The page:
…says delay will further harm Guyana’s credibility
…calls out Caricom, OAS for silence
As pressure continues to mount on caretaker President David Granger to set a date for General and Regional Elections as is constitutionally mandated, the Private Sector Commission (PSC) of Guyana on Monday joined the call, saying that this should be done immediately.
The PSC in a statement urged caretaker President David Granger to immediately name a date for General and Regional Elections, given that the Guyana Elections Commission (GECOM) has specified a timeline.
The PSC indicated that they waited until GECOM Chair, retired Justice Claudette Singh could have announced the election body’s readiness for the polls, saying that now that she has done so, Granger is called upon to announce a date without further prevarication or delay.
Last Thursday Justice Singh informed President Granger via a letter that “given all the objective factors, in addition to the deliberations of the Commission and my most recent consultations with our Secretariat, I have concluded and take this opportunity to officially inform you, that the Guyana Elections Commission will be able to deliver credible elections by the end of February 2020”.
In light of this, the Private Sector body voiced deep concerns that the Commission’s decision was infringing their constitutional mandate to facilitate elections within three months after the Caribbean Court of Justice’s ruling on June 18.
“The Private Sector Commission wishes, however, to express its deep concern that GECOM’s decision is in contravention of the constitutional obligation of GECOM to have been ready to conduct elections no later than three months after the ruling of the CCJ on June 18, 2019, resulting in the APNU/AFC coalition remaining in office by relying upon the Disciplined Services to exercise its authority.”
This, the PSC noted, could have dire consequences on the country’s credibility, having shown indications that there is no commitment to the laws or respect towards the Constitution.
According to the PSC, it cannot emphasise strongly enough that any further delay on the part of the President to name an election date will significantly exacerbate the already considerable harm that has been done to Guyana’s credibility as a country no longer committed to the rule of law and constitutional probity.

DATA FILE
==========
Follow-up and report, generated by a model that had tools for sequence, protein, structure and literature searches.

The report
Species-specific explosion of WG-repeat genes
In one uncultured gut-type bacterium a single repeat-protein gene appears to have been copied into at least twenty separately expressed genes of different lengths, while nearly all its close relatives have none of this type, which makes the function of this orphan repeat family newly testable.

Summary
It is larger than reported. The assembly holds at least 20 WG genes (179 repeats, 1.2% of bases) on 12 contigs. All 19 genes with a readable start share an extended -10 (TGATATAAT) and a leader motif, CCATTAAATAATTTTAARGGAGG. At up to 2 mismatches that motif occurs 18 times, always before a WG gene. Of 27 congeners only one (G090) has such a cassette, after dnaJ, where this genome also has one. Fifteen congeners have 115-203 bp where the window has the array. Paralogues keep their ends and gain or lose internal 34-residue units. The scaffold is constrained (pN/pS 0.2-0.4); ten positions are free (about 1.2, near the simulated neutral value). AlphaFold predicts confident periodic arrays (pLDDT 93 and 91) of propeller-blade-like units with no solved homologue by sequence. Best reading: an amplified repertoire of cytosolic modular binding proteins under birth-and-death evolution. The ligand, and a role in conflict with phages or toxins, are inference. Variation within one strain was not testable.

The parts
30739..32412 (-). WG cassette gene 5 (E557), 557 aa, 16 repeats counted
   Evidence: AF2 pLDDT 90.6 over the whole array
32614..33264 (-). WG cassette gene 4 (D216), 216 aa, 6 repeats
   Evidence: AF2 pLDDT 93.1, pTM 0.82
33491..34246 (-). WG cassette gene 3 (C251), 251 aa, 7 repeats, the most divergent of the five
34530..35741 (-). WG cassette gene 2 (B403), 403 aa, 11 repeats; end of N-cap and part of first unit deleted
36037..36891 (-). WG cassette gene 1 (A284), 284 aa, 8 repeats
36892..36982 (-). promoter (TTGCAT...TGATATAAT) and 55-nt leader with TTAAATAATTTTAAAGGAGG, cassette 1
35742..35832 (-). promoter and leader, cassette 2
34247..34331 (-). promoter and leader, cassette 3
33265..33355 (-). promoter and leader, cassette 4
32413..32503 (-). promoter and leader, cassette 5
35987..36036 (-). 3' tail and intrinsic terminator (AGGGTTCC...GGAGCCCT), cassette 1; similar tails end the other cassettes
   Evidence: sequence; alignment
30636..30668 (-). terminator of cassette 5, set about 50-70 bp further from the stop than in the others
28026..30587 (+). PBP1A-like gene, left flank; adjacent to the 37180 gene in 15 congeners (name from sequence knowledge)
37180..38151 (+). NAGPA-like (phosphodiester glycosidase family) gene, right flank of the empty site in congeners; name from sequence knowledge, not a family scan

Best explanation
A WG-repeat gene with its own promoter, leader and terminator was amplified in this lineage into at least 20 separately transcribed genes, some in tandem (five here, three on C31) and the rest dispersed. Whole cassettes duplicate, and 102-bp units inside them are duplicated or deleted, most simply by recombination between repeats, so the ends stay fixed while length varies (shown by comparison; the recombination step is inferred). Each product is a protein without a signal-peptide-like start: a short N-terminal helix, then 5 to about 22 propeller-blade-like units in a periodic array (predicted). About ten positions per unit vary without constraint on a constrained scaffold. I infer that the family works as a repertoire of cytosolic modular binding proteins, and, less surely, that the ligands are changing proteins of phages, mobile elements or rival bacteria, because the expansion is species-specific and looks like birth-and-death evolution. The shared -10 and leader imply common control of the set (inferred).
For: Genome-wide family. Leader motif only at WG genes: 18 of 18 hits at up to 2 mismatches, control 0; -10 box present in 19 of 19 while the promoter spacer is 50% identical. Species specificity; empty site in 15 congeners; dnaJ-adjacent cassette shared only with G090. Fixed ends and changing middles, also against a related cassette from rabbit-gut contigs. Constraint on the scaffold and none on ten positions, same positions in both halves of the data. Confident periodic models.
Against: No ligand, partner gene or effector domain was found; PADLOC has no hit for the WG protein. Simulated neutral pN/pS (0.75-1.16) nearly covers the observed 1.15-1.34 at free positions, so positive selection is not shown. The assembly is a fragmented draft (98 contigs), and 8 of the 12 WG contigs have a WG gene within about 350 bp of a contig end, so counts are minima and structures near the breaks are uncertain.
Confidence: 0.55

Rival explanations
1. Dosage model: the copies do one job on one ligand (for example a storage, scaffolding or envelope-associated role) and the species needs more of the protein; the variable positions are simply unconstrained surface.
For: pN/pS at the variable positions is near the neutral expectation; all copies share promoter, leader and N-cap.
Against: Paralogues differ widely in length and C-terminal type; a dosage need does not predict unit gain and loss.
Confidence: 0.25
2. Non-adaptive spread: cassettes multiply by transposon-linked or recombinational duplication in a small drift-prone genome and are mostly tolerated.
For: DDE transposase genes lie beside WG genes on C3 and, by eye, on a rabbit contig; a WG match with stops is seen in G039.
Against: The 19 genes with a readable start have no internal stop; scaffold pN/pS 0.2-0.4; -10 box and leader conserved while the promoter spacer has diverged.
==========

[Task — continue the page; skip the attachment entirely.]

Adding to that, condemnation from international bodies have added to the conundrum. This disapproval from foreign counterparts was deemed as a “serious consequence” for Guyana. So far, Guyana’s major supporting partners: the United States, the United Kingdom, the European Union and now the Commonwealth Secretary General have cited a breach in the constitutional provisions.
Meanwhile, on the local ground, the Bar Association, the religious community, the Georgetown Chamber of Commerce (GCCI) and the American Chamber of Commerce (AmCham) have expressed deep concern for the unconstitutional status of the Government.
The PSC positioned, “The PSC wishes to remind that the statement from the international community has, in fact, emphasised that Guyana’s economic development and the ability of those countries to support our development needs, is now dangerously compromised. The PSC must point out that the consequence of doing business under a Government shorn of its constitutional authority becomes virtually impossible due to the premiums placed on international equity and borrowings and the demands for compliance with procedures of international financial institutions.”
The statement went on to remind of the number of months since the No-Confidence Motion was successfully passed in the National Assembly last year. Recognition was placed on the superfluous delays which resulted in the present situation.
It called out other international and regional bodies for being completely silent during Guyana’s constitutional crisis. The Caribbean Community (Caricom) and Organisation of American States (OAS) were listed for failing to address or take action against the current political and democratic situation.
The PSC also expressed its grave disappointment and dissatisfaction over the inaction and deafening silence of the Heads of Government and the Secretary General of Caricom for failing to recognise the serious challenge in Guyana to the principles of democratic governance embraced by all of the Governments of the Caribbean Community and to have not, by now, taken appropriate action. “The PSC is equally concerned over the silence of the OAS and its inaction to comply with Article 20 of its own Charter.”